Are any of the courses in the program of study available to students through distance education technologies?
All core courses are currently online. The two Pharmacology courses are offered via interactive television.
To how many clinical sites could a student typically rotate, and where are the sites?
Affiliate clinical rotations will be assigned in the fairest and most equitable manner as is mathematically possible. The program has clinical affiliation sites at the following locations:
- St. John’s Hospital and Medical Center
22101 Moross Rd.
Detroit, MI 48236
- Ingham Regional Medical Center
401 W. Greenlawn Ave.
Lansing, MI 48910
- St. John Macomb Hospital
11800 E. 12 Mile Rd.
Warren, MI 48093
- Sparrow Medical Center
1215 E. Michigan Ave.
Lansing, MI 48909-7980
- Other clinical sites may be added and some of these sites may be deleted to meet the needs of the program. Students may not rotate to every clinical site. If a clinical site becomes a primary site, currently enrolled students will be given an option to complete their clinical requirements at the site when possible.
Are information packets available or is all necessary information available online?
All necessary information can be found online.
Can a student work full-time and participate in the program?
The MSN Nurse Anesthesia concentration is a rigorous, 28-month, full-time program. The nurse anesthesia student must be able to devote full-time to this demanding specialty. Clinical assignments will require up to an average of 40 hours per week with classes scheduled up to 10 hours per week during the same period. Additionally, time is required for study, pre/post operative visits and formulating anesthesia management plans. Nurse anesthesia students who engage in outside employment are encouraged to keep these factors in mind when scheduling work as an R.N., and to notify the Program Director of the number of hours worked per month. Nurse anesthesia students are to have at least ten (10) hours off between work and each school day. The nurse anesthesia students’ commitment to the program averages 60-70 hours per week.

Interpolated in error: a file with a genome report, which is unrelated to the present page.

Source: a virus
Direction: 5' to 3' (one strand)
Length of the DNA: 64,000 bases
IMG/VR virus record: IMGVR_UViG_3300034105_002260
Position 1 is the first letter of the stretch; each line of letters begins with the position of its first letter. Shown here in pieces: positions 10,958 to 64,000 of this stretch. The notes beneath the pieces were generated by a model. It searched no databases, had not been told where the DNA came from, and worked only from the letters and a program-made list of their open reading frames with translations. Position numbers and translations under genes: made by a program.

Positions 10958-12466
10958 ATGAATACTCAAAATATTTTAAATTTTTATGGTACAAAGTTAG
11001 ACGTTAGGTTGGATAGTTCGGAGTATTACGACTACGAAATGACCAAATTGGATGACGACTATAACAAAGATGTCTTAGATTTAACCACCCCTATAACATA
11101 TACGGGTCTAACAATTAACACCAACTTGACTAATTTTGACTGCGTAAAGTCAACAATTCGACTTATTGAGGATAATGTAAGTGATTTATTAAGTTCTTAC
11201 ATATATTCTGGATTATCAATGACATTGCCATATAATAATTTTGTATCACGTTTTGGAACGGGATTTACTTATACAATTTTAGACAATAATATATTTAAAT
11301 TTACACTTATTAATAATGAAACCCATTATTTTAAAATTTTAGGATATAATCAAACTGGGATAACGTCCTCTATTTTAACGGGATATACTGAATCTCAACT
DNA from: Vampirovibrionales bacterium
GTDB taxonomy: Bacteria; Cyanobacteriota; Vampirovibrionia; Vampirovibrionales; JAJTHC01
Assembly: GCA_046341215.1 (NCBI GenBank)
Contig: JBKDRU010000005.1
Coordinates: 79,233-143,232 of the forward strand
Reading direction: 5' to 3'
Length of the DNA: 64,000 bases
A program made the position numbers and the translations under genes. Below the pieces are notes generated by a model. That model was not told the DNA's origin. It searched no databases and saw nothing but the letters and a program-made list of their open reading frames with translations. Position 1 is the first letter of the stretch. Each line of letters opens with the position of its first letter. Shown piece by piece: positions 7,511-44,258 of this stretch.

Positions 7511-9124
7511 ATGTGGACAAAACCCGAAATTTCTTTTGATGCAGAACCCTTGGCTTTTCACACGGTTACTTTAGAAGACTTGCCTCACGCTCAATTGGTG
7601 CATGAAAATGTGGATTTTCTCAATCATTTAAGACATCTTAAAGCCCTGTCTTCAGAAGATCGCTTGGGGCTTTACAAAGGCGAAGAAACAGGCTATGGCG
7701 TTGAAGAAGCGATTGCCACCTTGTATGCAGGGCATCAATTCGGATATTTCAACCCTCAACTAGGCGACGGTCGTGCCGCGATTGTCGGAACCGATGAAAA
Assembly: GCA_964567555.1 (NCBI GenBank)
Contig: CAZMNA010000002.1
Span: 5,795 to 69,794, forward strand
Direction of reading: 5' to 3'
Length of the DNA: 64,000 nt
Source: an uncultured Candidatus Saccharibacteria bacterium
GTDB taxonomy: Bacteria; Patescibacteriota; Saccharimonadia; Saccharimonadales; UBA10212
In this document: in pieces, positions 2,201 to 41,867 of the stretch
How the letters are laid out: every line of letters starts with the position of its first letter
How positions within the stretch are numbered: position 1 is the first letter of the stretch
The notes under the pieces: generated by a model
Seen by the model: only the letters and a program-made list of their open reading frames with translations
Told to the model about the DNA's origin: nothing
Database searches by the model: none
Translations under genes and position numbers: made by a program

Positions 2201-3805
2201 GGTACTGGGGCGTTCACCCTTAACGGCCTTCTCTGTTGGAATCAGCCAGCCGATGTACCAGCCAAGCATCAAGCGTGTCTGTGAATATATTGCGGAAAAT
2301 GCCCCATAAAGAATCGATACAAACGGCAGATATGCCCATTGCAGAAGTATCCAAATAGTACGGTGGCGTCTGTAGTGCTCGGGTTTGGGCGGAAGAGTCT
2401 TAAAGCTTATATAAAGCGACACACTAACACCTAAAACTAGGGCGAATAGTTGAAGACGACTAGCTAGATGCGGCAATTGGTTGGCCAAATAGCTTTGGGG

Can coursework for the Nurse Anesthesia concentration be completed online?
All MSN core courses are available in an online format, but the Nurse Anesthesia concentration requires significant campus time and clinical hours. Please see the Frequently Asked Questions for the Nurse Anesthesia program.
Will a student need their own computer?
Students are required to have a computer. Computer requirements for the program coursework include: IBM-compatible PC, multimedia-enabled, Pentium with CD-ROM drive, modem, Windows and Microsoft Office software. High speed internet access.
Does a student have to live in Michigan to participate in the program?
You must be able to attend the classroom courses in person and participate in clinical at assigned hospitals.
Can a student attend the program part-time?
No, this program is a full-time program.
Need-based scholarships and loans are administered by the Office of Financial Aid in the same manner as other need-based financial aid programs available to MSU students. Applications for scholarships or loans may be obtained from the University Office of Financial Aid (Student Services Building), College of Nursing Office of Student Support Services, and the Graduate Office.
What about graduate assistantships, private scholarships, Professional Nurse Traineeships at MSU?
Fellowships are available through the College of Nursing. Students should complete the College of Nursing Financial Assistance Form, and the Free Application for Federal Student Aid (FAFSA), and/or the College of Nursing Scholarship application by March 1st for support during the following academic year.
Financial award is contingent upon the availability of monies and criteria specified by the funding source.
What are the tuition fees associated with the Nurse Anesthesia program?
Tuition for this program is a block rate (total tuition for the entire program). Current Tuition rates are approximately $53,270 (in state) and $82,140 (out-of-state). Tuition costs are always changing. For the most current information, go to the main MSU site and type in “tuition costs” and select the fees calculator. You may also go to the Controller’s Office website.